Orestes seems to be under his sister’s thumb in many ways, and yet she looks to him for leadership, strength and love. It’s that odd kind of relationship where it can be difficult at times to tell who’s leading and who’s following. He’s plainly more affected by their killing spree than she is – she’s wanted the revenge all along, but he’s suffering the guilt, and it’s after killing Helen that the guilt drives him to lose it completely. Alex Robertson judged his performance in this role very nicely. There’s an intriguing moment as they are heading down the suicide route, where they kiss and look like they’re tempted to make love. I don’t think this implied any pre-existing sexual relationship between them, although as this is based on Greek drama, I could be completely wrong. I just saw it as a last despairing expression of love between them, especially as Electra had been so hurt by Helen’s complete refutation of her womanhood. Still a virgin, this could be her only chance.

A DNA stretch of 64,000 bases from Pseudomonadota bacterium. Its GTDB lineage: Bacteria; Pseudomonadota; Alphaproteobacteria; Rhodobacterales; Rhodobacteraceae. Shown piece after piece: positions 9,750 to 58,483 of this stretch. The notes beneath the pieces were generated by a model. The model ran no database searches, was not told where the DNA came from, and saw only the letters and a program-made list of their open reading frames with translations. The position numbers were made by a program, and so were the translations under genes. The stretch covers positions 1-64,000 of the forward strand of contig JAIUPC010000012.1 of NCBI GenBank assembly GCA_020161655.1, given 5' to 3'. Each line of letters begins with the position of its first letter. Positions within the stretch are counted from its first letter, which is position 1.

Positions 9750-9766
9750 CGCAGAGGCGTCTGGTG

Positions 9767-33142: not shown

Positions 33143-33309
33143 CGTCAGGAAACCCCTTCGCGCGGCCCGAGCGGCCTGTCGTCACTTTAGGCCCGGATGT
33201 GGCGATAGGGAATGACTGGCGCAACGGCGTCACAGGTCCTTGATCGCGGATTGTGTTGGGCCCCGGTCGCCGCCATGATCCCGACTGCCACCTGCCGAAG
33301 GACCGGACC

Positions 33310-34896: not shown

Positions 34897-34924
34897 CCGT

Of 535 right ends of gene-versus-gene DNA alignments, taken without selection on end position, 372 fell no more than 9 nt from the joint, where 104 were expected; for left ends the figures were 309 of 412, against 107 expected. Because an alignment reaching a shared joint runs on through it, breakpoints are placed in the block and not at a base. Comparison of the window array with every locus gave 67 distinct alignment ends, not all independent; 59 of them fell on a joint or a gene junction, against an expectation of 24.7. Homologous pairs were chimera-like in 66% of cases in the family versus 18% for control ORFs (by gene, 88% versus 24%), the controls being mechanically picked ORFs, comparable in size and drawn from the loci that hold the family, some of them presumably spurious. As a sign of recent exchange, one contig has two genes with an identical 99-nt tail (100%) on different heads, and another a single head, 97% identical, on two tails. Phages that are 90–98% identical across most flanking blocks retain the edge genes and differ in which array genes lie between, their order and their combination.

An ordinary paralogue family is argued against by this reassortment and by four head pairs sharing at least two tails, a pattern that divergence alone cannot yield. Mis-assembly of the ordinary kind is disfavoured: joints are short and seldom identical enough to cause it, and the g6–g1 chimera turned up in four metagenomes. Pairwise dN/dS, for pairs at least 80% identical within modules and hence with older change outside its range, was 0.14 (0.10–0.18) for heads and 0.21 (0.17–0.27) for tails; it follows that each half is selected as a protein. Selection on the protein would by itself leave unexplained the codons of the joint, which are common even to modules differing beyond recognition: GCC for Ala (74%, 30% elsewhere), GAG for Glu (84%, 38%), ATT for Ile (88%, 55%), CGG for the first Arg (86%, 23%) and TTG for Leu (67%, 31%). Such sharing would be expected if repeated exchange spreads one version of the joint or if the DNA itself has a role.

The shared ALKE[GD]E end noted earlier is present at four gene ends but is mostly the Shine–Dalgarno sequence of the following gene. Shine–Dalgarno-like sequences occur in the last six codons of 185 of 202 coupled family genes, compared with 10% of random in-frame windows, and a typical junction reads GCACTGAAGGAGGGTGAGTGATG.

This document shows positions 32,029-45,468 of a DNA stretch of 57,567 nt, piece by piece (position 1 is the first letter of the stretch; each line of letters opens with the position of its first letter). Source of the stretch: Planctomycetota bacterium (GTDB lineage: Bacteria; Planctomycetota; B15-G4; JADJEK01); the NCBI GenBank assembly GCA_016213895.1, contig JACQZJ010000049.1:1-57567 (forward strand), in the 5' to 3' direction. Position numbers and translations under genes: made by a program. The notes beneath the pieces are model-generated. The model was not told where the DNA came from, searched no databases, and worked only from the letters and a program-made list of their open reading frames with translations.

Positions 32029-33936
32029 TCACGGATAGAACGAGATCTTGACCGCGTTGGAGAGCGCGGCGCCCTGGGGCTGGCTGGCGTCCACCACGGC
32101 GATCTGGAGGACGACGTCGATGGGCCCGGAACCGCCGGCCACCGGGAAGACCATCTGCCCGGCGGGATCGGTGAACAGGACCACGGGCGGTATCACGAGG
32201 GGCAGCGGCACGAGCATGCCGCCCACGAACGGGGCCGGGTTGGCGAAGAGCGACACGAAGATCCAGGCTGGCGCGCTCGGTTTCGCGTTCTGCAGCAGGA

Helen arrives in the palace ahead of Menelaus. She’s brought their baby, who is tended to by a slave woman. Helen, though beautiful, comes across as a real bitch. Admittedly, she’s talking to the pair who killed her sister, so you have to make some allowances, but she’s so full of herself, being part-God as she claims (and there’s a cock-and-swan story, if ever I heard one!), that she’s bound to cause trouble wherever she goes. Still, she reminds us of the massive impact of the Trojan war on this world, equivalent to the First World War in more recent times, where so many died for so little reason. And those deaths are the trigger for all that happens afterwards. There are red figures lurking at the back of the stage – dummies – and for me they mainly represented the many dead on all sides because of one beautiful woman and her fatal choice. It’s a powerful confrontation, Helen and Electra, and Claire Onyemere as Helen more than holds her own. The slave woman, played by Claire Prempeh, has little to do but nurse the baby and shrink into the background, and I would have liked to have heard more from her. She does have a short conversation with Electra later, which demonstrates that, for all her reasons to suffer, she’s much more at peace than any other character in the play.